Medical Policy: 07.03.04
Original Effective Date: November 2009
Reviewed: November 2015
Revised: November 2015
Benefit determinations are based on the applicable contract language in effect at the time the
services were rendered. Exclusions, limitations or exceptions may apply. Benefits may vary
based on contract, and individual member benefits must be verified. Wellmark determines medical
necessity only if the benefit exists and no contract exclusions are applicable. This medical
policy may not apply to FEP. Benefits are determined by the Federal Employee Program.
This Medical Policy document describes the status of medical technology at the time the document
was developed. Since that time, new technology may have emerged or new medical literature may
have been published. This Medical Policy will be reviewed regularly and be updated as scientific
and medical literature becomes available.
Small bowel transplant has evolved into an established therapeutic modality in the management of the patient with irreversible intestinal failure. It is performed mainly in patients with short bowel syndrome (SBS) and those who develop severe complications due to total parenteral nutrition (TPN). The goal of transplantation is to eliminate the need for TPN and to reverse or prevent TPN associated liver disease.
Intestinal Failure results from obstruction, dysmotility, surgical resection, congenital defect, or disease-associated loss of absorption and is characterized by the inability to maintain protein-energy, fluid, electrolyte, or micronutrient balance.
Short bowel syndrome results from surgical resection, congenital defect, or disease-associated loss of absorption and is characterized by the inability to maintain protein-energy, fluid, electrolyte, or micronutrient balances when on a conventionally accepted normal diet.
Leading causes of intestinal failure differ between adult and pediatric populations. In children, the following are the leading causes of intestinal failure:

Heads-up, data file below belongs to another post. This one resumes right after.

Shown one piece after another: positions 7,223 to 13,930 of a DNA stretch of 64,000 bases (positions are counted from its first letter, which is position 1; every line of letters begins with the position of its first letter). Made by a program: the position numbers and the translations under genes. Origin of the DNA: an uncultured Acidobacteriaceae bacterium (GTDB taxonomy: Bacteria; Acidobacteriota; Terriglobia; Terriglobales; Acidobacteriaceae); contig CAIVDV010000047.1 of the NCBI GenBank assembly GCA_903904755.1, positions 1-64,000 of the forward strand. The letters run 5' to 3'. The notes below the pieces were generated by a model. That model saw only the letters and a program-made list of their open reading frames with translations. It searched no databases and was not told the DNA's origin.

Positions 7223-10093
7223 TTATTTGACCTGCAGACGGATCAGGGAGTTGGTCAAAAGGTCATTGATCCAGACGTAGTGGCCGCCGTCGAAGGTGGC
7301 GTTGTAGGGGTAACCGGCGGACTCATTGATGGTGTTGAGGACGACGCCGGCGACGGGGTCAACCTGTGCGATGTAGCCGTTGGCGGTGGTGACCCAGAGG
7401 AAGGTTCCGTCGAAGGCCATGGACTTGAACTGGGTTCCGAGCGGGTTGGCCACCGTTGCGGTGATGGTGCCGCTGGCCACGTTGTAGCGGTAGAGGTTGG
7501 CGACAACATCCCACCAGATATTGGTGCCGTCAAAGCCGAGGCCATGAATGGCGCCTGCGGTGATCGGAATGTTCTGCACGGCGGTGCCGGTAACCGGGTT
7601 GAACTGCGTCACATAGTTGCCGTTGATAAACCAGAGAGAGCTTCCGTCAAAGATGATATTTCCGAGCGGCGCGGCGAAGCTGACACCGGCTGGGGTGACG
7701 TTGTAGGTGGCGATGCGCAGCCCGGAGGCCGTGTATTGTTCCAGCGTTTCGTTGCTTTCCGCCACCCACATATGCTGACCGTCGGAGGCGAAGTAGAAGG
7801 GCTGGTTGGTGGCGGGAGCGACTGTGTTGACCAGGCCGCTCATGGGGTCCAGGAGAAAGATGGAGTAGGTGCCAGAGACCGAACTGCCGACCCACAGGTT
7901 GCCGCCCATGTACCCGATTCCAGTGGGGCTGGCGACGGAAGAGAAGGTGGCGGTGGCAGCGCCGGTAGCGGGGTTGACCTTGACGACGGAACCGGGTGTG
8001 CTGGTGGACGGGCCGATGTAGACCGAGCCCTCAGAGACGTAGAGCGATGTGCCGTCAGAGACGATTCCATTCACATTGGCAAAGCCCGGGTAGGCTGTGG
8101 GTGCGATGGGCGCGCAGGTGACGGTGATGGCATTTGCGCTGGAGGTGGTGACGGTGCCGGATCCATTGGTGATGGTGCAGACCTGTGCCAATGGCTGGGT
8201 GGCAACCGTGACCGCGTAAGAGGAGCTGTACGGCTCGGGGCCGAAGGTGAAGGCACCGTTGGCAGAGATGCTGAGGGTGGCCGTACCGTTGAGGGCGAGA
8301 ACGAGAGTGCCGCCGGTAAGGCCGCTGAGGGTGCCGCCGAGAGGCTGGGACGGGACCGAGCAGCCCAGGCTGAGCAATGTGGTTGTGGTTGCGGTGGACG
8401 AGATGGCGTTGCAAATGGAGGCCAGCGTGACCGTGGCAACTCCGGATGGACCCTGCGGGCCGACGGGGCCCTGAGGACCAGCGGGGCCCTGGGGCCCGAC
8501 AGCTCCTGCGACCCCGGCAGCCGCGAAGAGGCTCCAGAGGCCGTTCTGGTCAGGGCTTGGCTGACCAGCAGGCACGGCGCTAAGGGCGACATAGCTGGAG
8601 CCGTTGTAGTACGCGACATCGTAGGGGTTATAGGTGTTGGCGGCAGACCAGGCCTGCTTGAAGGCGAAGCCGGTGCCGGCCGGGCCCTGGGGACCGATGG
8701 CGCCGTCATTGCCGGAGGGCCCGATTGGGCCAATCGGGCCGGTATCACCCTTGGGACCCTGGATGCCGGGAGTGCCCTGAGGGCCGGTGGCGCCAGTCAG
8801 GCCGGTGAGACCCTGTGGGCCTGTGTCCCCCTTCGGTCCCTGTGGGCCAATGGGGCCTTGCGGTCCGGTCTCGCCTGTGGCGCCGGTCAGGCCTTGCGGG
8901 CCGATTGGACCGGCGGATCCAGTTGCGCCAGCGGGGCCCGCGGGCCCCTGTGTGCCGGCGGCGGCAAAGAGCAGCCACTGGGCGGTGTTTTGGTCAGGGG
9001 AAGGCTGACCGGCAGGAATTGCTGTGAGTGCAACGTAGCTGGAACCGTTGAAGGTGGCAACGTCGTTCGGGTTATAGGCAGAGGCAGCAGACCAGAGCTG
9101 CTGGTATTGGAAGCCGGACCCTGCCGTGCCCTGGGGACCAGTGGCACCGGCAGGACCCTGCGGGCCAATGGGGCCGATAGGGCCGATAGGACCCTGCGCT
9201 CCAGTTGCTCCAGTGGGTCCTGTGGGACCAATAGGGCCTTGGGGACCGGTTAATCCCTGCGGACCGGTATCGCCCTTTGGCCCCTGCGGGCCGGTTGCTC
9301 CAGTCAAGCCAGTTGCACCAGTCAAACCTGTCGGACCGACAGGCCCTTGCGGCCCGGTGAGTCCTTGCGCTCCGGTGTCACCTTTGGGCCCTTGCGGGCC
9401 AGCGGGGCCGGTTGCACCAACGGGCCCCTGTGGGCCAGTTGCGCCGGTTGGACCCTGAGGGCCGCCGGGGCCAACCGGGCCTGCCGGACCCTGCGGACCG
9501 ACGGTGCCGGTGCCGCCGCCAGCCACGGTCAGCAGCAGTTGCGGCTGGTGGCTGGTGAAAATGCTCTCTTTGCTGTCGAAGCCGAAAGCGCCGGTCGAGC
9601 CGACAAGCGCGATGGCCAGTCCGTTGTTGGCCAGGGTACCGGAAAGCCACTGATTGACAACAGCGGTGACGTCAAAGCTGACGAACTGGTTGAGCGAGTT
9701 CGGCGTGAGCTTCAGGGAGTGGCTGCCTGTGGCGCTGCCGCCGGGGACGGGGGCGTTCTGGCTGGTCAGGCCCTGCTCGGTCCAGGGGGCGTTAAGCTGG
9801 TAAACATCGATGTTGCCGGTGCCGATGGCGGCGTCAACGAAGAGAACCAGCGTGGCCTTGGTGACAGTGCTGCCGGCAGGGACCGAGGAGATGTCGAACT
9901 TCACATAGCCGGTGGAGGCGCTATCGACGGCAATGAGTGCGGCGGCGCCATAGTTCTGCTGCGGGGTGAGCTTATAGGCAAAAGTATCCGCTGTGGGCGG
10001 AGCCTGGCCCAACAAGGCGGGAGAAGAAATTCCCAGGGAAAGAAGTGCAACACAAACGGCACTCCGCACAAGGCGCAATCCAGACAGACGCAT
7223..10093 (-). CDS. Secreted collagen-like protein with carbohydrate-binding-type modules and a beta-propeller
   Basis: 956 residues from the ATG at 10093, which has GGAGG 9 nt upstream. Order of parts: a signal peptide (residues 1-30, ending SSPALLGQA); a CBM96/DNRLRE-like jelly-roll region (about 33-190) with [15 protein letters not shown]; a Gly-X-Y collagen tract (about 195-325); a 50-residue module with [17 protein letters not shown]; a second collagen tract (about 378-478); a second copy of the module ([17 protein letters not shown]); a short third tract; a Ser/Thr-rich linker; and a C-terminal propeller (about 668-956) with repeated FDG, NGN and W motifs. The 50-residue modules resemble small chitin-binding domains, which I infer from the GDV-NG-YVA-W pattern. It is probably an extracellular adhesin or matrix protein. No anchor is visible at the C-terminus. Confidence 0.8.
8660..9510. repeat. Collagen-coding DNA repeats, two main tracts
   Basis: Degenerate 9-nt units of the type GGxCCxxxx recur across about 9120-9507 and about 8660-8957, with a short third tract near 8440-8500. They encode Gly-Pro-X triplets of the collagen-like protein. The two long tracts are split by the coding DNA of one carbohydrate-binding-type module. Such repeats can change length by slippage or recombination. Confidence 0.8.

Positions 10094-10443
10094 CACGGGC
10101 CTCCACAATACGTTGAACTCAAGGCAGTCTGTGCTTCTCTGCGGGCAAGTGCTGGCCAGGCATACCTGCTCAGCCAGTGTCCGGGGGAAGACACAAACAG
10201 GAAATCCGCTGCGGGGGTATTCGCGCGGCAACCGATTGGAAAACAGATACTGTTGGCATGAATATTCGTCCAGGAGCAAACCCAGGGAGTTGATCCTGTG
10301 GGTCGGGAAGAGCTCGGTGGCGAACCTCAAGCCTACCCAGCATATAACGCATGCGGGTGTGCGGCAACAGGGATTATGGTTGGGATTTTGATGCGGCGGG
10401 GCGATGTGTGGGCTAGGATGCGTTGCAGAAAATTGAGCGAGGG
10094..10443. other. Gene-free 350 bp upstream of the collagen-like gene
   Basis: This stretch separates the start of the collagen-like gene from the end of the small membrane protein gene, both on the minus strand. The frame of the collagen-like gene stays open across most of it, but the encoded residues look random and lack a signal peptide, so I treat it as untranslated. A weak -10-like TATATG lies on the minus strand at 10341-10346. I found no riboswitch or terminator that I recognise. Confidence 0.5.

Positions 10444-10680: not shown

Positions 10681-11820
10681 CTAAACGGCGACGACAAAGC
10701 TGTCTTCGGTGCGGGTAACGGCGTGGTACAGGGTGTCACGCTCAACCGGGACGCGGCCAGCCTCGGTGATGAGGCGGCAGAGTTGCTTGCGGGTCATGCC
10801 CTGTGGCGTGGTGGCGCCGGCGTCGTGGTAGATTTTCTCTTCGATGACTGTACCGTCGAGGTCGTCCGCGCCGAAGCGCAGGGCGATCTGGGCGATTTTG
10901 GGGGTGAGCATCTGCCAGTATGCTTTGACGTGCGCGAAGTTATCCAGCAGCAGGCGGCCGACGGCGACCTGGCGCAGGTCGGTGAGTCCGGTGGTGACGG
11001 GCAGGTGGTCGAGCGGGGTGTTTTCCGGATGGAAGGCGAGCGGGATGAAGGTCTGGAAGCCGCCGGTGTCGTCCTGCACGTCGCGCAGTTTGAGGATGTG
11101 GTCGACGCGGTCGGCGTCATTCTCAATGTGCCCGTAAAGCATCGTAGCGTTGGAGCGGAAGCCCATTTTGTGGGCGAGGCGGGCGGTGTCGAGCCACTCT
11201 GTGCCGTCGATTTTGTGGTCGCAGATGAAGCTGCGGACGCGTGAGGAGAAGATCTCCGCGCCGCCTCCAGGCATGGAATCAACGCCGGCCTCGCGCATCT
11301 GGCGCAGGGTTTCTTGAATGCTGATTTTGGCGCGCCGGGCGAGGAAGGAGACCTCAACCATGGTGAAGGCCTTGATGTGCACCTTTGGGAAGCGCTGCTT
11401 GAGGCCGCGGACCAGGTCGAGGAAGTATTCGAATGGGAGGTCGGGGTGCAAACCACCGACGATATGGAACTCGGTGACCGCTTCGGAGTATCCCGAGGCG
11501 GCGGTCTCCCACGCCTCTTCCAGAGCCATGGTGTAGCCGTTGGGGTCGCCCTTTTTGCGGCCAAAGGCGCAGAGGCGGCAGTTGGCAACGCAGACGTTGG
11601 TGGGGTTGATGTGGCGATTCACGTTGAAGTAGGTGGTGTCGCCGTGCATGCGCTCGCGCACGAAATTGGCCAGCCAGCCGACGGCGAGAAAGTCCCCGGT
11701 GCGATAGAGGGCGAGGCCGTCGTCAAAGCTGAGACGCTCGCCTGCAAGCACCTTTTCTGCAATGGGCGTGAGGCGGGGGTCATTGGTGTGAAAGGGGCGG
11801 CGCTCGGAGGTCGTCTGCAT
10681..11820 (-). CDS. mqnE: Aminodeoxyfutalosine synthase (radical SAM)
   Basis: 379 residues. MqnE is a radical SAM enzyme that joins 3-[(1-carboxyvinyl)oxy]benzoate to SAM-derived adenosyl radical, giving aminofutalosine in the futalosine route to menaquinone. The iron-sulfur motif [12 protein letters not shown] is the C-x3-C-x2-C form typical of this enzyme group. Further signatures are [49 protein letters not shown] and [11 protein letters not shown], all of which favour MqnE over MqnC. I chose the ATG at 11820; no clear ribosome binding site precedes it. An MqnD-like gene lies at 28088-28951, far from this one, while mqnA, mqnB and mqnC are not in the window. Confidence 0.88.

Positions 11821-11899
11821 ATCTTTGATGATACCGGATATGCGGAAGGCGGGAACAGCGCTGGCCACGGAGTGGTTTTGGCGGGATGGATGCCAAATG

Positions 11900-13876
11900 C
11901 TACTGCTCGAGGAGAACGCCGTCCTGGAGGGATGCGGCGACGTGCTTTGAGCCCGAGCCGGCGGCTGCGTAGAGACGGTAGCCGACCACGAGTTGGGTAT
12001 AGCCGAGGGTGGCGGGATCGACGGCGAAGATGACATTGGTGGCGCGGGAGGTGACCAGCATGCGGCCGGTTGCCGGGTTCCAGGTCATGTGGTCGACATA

- Intestinal atresia
- Crohn disease
- Microvillus involution disease
- Necrotizing enterocolitis
- Midgut volvulus
- Chronic intestinal pseudo-obstruction
- Massive resection secondary to tumor
- Hirschsprung disease
The following are the leading causes of intestinal failure in adults:
- Crohn disease
- Superior mesenteric artery thrombosis
- Superior mesenteric vein thrombosis
- Desmoid Tumor
- Massive resection secondary to tumor
- Radiation enteritis
Total parenteral nutrition (TPN) is the current standard of care for patients with intestinal failure. The chronic use of TPN is often associated with life-threatening complications including:
- Catheter related sepsis
- Catheter related thrombosis
- Severe dehydration
- Parenteral nutrition associated liver disease (PNALD)
Small bowel transplant should be recommended in patients with the following conditions:
1). Failure of parenteral nutrition
• Impending or overt liver failure
• Thrombosis of 2 or more central veins
• Two ore more episodes per year of systemic sepsis secondary to line infections
• Frequent episodes of dehydration
2). High risk of death
3). Severe short bowel syndrome (gastrotomy, duodenostomy, residual small bowel <10 cm in infants and <20 cm in adults)
4). Frequent hospitalization, narcotic dependency or pseudoobstruction
5). Unwillingness to accept long-term parenteral nutrition (TPN)
Small bowel transplant may be considered a means to avoid end stage liver failure, thus avoiding a multivisceral organ transplant.
Cadaveric small bowel transplant is the most commonly performed transplant, there has been recent interest in using living donors. Living donor transplantation has been proposed as a means to increase the pool of donor organs and thereby reduce waiting time and wait list morbidity and mortality.